Why Go to University? Exploring the Purpose of Attaining Higher Education among First-Born Students from B40 and M40 Malay Families
Keywords:Purpose, aspirations, higher education, young people, B40, M40, first-generation, second-generation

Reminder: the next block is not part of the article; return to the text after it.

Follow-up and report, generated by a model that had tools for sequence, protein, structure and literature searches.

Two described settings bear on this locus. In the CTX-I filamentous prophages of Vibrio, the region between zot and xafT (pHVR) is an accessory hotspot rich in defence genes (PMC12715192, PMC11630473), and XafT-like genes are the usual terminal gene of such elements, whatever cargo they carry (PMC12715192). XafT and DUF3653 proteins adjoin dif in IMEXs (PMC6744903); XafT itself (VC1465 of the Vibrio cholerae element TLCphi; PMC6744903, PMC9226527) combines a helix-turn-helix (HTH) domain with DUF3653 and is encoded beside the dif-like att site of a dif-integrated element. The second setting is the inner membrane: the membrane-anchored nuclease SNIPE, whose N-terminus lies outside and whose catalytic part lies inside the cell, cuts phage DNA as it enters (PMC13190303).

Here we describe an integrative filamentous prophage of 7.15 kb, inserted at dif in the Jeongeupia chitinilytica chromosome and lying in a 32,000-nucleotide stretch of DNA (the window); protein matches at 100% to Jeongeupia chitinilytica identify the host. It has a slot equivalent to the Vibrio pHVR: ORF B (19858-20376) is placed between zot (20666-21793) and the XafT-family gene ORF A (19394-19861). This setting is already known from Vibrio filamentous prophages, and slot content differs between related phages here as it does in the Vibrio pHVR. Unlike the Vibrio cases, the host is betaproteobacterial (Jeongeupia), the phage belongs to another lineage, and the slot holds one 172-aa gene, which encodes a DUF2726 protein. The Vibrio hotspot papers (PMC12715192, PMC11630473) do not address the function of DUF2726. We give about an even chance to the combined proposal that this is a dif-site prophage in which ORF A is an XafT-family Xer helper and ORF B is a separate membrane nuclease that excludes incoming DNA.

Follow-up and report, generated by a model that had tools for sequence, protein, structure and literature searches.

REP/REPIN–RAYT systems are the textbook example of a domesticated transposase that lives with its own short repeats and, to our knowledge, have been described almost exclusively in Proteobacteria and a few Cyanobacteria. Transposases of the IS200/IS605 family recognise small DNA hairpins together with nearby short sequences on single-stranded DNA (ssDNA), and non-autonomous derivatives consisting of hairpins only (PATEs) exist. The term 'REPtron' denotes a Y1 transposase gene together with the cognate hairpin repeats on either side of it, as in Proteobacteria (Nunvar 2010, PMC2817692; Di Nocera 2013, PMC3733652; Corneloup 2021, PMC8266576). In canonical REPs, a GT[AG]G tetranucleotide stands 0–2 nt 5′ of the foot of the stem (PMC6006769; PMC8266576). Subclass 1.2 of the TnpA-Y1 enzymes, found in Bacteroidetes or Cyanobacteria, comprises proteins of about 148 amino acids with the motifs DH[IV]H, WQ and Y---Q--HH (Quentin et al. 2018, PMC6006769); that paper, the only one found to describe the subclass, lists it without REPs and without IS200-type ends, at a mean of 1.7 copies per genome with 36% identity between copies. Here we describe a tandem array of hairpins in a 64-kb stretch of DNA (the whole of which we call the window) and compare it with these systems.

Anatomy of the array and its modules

In recent years, conversations surrounding the purposes of higher education have been influenced by national policy discourse that is framed in relation to economic contexts. The preoccupation with labour market interests and employability issues continue to dominate the discussion on the purpose of higher education. This presents specific discursive constructions of what it means to attain higher education qualifications, and more broadly, in orienting the provision of higher education itself. While such views generate mixed response among different institutional stakeholders, the perspectives of young people who wish to pursue a university education are rarely considered in the discourse. This article aims to highlight the reasons behind young people’s aspirations to further their studies at the university level. Data were drawn from a series of semi-structured interviews with a purposive sample of fourteen first-born matriculation and foundation students from B40 and M40 Malay families. The findings demonstrate that intrinsic reasons were expressed alongside extrinsic, economic rationales as the students explained their motives to pursue higher education. While differences in the articulation of these reasons may not be sharply evident when comparison of socio-economic and generational status of the students is made, the notion of social mobility is relatively absent in the students’ accounts. Altogether, these findings illuminate the multiple views on the personal motives of attaining higher education, both corresponding to and in contrast with the instrumentalist view of higher education replete in contemporary state-projected discourse.
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